Norway, WWII: A group of British and German soldiers find themselves stranded in the wilderness after an aircraft battle. Finding shelter in the same cabin, they realize the only way to survive the winter is to place the rules of war aside.
CBGB follows the story of Hilly Kristal's New York club from its conceit as a venue for Country, Bluegrass and Blues (CBGB) to what it ultimately became: the birthplace of underground rock 'n roll and punk. When Kristal had difficulty booking country bands in his club on the Bowery he opened his doors to other kinds of rock music. Kristal had one demand of the acts he booked; they could only play original music. No top 40's, no covers. It was the credo he lived by, support the artist at whatever the cost. Hilly Kristal ironically became known as the godfather of punk giving a chance to such bands as Blondie, Television, Ramones, Talking Heads, Dead Boys and The Police. Written by
Several shots show the corner of Bleecker Street and the Bowery. The street signs have white letters on a green background. In the 1970s, Manhattan street signs had black letters on a yellow background. See more »
"This film is dedicated to... Hilly Kristal and all those who worked at and lived at CBGB. MAY THEY ROCK ON FOREVER! No animals were harmed during the making of this film... The cockroach guts were Fig Newtons. And we know that Iggy Pop never played at CBGB... Just deal with it." See more »
Actually quite good, but depends what you're after.
Okay first of all if your a big fan of one particular artist or more in the story and are expecting their role (or even their personality) to be fleshed out, chances are you will be disappointed. They are all (aside from the Dead Boys) limited to cameos and as such some people find they are a little generic. I'm not sure how much depth people expect in what often amounts to less than a minutes screen time, but there you go. It is not a long movie and it would have been impossible to do justice to everyone involved in that music scene in such a short time. In the restraints they had, I believe they did well enough.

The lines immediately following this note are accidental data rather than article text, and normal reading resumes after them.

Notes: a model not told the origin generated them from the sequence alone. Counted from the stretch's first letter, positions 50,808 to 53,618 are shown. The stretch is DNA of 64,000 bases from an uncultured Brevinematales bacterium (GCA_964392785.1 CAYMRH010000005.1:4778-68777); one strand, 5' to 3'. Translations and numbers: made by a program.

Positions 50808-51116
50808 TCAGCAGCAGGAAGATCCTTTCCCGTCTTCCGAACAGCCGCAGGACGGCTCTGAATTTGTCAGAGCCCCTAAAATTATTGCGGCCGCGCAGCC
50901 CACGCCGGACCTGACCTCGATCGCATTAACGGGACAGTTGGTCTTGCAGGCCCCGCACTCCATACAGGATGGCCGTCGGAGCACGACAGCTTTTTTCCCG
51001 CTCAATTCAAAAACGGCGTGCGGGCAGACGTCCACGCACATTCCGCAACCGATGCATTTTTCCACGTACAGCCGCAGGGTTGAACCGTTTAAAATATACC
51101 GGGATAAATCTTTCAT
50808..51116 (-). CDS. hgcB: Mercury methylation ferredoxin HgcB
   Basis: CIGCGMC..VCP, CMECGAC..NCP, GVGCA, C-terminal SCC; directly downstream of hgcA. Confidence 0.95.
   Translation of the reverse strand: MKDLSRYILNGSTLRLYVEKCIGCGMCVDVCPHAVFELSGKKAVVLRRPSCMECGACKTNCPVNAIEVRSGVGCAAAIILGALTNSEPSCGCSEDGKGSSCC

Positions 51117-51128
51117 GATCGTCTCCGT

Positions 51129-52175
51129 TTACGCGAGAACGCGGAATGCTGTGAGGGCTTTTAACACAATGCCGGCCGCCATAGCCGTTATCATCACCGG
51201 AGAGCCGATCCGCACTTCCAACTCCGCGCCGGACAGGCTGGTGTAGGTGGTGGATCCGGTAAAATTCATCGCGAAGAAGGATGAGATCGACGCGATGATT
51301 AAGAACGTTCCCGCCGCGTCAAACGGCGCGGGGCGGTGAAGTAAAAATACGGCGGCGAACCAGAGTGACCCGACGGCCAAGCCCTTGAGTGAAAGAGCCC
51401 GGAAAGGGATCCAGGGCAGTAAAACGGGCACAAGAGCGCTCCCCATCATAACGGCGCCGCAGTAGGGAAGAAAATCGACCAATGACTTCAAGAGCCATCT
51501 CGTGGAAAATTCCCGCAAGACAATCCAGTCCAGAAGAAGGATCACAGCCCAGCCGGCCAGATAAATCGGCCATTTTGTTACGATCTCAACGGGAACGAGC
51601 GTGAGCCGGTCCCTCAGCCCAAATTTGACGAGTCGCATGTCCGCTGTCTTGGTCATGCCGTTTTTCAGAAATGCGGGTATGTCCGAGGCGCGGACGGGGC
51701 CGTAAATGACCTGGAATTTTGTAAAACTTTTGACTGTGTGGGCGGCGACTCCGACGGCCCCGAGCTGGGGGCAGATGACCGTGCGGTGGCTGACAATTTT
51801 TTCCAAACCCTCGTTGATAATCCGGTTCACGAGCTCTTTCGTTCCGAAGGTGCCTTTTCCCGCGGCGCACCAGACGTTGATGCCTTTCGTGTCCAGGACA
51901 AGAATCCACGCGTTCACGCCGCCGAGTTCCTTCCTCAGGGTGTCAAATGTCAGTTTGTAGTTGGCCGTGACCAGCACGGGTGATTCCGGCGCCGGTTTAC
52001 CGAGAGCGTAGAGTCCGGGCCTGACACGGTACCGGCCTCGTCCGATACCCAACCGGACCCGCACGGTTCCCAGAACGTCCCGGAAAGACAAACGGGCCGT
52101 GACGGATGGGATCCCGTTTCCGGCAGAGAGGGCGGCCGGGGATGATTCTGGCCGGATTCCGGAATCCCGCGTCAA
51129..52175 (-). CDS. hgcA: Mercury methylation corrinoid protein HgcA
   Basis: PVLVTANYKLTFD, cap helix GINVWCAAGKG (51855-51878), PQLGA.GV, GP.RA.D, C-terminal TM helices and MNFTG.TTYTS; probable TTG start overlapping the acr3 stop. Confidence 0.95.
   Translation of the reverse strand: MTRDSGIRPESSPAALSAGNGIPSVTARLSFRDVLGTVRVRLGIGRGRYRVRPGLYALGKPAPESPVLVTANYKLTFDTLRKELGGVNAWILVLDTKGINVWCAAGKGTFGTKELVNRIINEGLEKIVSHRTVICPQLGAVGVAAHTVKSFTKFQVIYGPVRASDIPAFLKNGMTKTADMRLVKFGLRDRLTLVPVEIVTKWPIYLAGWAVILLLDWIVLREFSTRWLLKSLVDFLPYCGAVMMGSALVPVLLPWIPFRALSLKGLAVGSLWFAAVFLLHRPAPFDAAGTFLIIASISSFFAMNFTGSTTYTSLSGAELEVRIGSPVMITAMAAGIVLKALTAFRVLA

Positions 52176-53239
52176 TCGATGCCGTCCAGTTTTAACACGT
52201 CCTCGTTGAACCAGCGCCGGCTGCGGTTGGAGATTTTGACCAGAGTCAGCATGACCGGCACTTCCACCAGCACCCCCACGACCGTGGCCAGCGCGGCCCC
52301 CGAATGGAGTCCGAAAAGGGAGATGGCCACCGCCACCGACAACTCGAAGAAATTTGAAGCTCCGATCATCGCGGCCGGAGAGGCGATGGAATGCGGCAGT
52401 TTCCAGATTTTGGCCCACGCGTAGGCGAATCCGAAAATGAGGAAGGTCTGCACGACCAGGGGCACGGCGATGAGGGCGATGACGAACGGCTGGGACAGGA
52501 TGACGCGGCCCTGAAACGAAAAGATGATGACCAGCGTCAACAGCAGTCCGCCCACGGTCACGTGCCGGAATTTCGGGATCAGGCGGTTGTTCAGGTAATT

Secondly there are some liberties taken with the actual music. It didn't matter to me as it was all great music, but if your picky on such things that may irritate you. An example of this is that the Ramones don't actually play any Ramones tracks, instead they player a Joey Ramone solo track that was released later. I don't really understand why they made those choices, but that is the way it is. Some people may feel the "live" sound isn't gritty enough. Again, I had no problem here, I wanted to hear good music and I did.
Perhaps those that get the most out of this films are those that like the music but aren't huge fans of anyone in specific. This is where I fell and I have to say I thoroughly enjoyed it. I laughed and I cried and when it finished I was happy. Alan Rickman is the centrepiece of this film and that I think will make this enjoyable to the majority of viewers (as the IMDb average suggests) as he is as solid as ever. The rest of the cast is reasonable but no one stands out. The sets look very accurate (from what I can tell at least) and the whole thing is quite believable.
Taken out of the historical context this is basically a light hearted comedy about a growing music scene and a guy with passion, kindness and absolutely no business acumen. It feels like a "British Comedy" which for many will be fine, but given the topic is a New York club some may feel it inappropriate. If you read this review and still want to see the film then you will no doubt enjoy it as much as I have (or more).
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